Elizabeth Cady Stanton, Declaration of Sentiments, 1848

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Title

Elizabeth Cady Stanton, Declaration of Sentiments, 1848

Description

Elizabeth Cady Stanton, An excerpt from the Declaration of Sentiments, Woman's Rights Convention, Seneca Falls and Rochester, N.Y., July and August 1848

Elizabeth Cady Stanton's speech is read by Mona Seghatoleslami:

"When, in the course of human events, it becomes necessary for one portion of the family of man to assume among the people of the earth a position different from that which they have hitherto occupied, but one to which the laws of nature and of nature's God entitle them, a decent respect to the opinions of mankind requires that they should declare the causes that impel them to such a course.

We hold these truths to be self-evident: that all men and women are created equal; that they are endowed by their Creator with certain inalienable rights; that among these are life, liberty, and the pursuit of happiness; that to secure these rights governments are instituted, deriving their just powers from the consent of the governed. Whenever any form of government becomes destructive of these ends, it is the right of those who suffer from it to refuse allegiance to it, and to insist upon the institution of a new government, laying its foundation on such principles, and organizing its powers in such form, as to them shall seem most likely to effect their safety and happiness. Prudence, indeed, will dictate that governments long established should not be changed for light and transient causes; and accordingly all experience hath shown that mankind are more disposed to suffer, while evils are sufferable, than to right themselves by abolishing the forms to which they are accustomed. But when a long train of abuses and usurpations, pursuing invariably the same object, evinces a design to reduce them under absolute despotism, it is their duty to throw off such government, and to provide new guards for their future security. Such has been the patient sufferance of the women under this government, and such is now the necessity which constrains them to demand the equal station to which they are entitled. The history of mankind is a history of repeated injuries and usurpations on the part of man toward woman, having in direct object the establishment of an absolute tyranny over her. To prove this, let facts be submitted to a candid world.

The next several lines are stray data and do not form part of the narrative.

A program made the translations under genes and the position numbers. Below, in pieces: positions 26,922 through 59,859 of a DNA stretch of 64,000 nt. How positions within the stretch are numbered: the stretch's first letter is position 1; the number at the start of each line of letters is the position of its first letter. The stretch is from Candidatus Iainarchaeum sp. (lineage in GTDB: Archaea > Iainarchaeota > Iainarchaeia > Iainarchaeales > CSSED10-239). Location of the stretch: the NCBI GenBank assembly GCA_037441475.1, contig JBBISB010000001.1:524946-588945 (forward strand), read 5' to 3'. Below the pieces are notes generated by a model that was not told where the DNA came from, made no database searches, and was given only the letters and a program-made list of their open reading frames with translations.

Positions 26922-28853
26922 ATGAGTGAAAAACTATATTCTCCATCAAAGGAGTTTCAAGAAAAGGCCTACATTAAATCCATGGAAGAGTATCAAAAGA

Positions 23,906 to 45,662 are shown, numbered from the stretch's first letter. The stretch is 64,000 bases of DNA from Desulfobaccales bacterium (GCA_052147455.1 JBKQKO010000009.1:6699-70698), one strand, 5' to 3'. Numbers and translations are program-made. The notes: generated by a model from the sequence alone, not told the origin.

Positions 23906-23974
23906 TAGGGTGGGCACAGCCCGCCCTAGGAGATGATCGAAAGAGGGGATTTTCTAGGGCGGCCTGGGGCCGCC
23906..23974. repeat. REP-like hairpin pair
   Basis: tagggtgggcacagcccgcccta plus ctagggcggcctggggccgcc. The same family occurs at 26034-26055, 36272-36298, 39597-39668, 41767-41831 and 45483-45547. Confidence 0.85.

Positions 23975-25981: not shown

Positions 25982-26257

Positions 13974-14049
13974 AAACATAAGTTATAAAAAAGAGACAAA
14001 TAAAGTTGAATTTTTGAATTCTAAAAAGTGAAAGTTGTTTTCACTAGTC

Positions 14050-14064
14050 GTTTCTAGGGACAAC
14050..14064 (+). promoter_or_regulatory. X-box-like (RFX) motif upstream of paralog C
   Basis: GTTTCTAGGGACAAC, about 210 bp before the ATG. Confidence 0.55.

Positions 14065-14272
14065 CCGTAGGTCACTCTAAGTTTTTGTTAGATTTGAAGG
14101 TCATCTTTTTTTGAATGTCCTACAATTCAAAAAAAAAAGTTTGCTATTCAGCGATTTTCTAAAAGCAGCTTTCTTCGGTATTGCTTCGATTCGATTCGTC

Now, in view of this entire disfranchisement of one-half the people of this country, their social and religious degradation--in view of the unjust laws above mentioned, and because women do feel themselves aggrieved, oppressed, and fraudulently deprived of their most sacred rights, we insist that they have immediate admission to all the rights and privileges which belong to them as citizens of the United States."


Source
https://sourcebooks.fordham.edu/Halsall/mod/senecafalls.asp

Source

http://YouTube.com

Publisher

ROC Suffrage
published via YouTube.com

Date

1848

Date Submitted

2017-08-25T17:09:29.000Z

Citation

“Elizabeth Cady Stanton, Declaration of Sentiments, 1848,” accessed May 20, 2022, https://rocheritage.org/items/show/154.